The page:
IGVF consortium receives NIH funding to study how genomic variation influences biological function

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The National Institutes of Health is providing approximately $185 million over five years to the Impact of Genomic Variation on Function (IGVF) consortium, initiated and funded by NIH's National Human Genome Research Institute (NHGRI). NHGRI will fund 25 awards across 30 U.S. research sites. IGVF consortium investigators will work to understand how genomic variation alters human genome function, and how such variation influences human health and disease.

The genome sequences of two different people are more than 99.9% identical. But those 0.1% differences — alternate orders of the As, Cs, Gs and Ts that make up our DNA — combined with the environment and lifestyle ultimately shape a person's overall physical features and disease risk. Researchers have identified millions of human genomic variants that differ across the world, including thousands of disease-associated ones. By integrating experimental methods with advanced computer models, the IGVF consortium will identify which variants in the genome are relevant for health and disease - information that will be of critical importance to clinicians.

Biomedical researchers have recently made remarkable advances in the experimental and computational methods available for elucidating genome function. The IGVF consortium will include world leaders in these areas, and together they will leverage these advances to tackle an incredibly challenging and important series of questions related to how genomic variation influences biological function."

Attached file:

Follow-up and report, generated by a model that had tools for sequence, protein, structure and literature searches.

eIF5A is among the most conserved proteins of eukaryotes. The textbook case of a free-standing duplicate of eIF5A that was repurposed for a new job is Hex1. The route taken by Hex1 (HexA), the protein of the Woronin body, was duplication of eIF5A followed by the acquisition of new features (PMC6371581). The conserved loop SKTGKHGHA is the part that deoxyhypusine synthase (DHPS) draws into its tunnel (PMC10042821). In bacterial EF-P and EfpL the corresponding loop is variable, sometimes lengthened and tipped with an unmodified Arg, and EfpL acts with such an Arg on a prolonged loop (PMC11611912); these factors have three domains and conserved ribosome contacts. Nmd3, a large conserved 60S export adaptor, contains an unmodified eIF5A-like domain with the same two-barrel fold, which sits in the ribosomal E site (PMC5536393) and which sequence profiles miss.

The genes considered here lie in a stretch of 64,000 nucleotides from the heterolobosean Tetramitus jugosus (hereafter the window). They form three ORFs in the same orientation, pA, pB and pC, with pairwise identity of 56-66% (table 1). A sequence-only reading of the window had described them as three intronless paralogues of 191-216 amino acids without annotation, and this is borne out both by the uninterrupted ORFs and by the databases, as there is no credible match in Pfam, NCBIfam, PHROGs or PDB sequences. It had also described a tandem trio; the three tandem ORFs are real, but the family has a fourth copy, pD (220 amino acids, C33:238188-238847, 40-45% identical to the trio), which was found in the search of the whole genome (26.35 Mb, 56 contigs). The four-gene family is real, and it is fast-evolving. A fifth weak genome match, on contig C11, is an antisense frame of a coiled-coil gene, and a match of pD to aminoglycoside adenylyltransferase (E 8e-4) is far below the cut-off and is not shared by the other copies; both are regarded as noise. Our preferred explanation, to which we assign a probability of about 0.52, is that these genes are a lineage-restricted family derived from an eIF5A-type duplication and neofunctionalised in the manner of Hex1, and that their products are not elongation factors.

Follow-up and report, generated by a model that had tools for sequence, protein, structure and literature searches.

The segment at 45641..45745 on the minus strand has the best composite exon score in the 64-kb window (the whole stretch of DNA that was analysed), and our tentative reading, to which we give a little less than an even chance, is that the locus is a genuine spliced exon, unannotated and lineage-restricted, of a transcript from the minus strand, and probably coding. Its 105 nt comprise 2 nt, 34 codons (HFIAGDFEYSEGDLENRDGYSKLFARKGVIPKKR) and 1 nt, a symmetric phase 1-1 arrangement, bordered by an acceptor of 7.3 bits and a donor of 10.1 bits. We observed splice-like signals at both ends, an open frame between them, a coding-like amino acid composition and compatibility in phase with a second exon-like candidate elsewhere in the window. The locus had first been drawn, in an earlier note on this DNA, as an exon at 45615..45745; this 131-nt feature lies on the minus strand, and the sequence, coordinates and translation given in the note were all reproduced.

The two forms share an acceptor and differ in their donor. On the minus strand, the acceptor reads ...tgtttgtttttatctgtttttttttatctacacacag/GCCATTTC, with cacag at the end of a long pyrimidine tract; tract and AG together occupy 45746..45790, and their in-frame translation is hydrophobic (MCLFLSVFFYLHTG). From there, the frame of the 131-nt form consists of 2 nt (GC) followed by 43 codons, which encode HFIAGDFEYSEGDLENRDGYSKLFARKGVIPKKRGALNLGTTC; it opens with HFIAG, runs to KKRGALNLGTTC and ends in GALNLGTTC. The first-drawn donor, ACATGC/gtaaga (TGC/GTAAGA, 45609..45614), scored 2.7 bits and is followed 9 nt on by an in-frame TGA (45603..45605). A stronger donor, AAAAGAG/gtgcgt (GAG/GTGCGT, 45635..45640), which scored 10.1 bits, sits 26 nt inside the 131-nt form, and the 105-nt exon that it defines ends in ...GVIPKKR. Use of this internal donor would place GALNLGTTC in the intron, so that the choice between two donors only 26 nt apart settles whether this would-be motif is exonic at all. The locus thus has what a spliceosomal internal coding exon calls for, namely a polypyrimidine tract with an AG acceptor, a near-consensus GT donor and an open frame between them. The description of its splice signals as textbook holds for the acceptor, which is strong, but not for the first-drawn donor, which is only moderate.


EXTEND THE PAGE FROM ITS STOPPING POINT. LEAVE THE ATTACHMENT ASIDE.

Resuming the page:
Carolyn Hutter, Ph.D., Director of the NHGRI Division of Genome Sciences

The IGVF consortium will develop a catalog of the results and approaches used in their studies. All information generated by the consortium will be made freely available to the research community via a web portal to assist with future research projects. Because there are thousands of genomic variants associated with disease, and it is not possible to manipulate each variant individually and in each biological setting, consortium researchers will also develop computational modeling approaches to predict the impact of variants on genome function.

The IGVF consortium includes five components: Functional Characterization Centers, Regulatory Network Projects, Mapping Centers, a Data and Administrative Coordinating Center and Predictive Modeling Projects. To view a full list of awardee sites, please visit the IGVF webpage on genome.gov.


The opinions expressed here are the views of the writer and do not necessarily reflect the views and opinions of News Medical.
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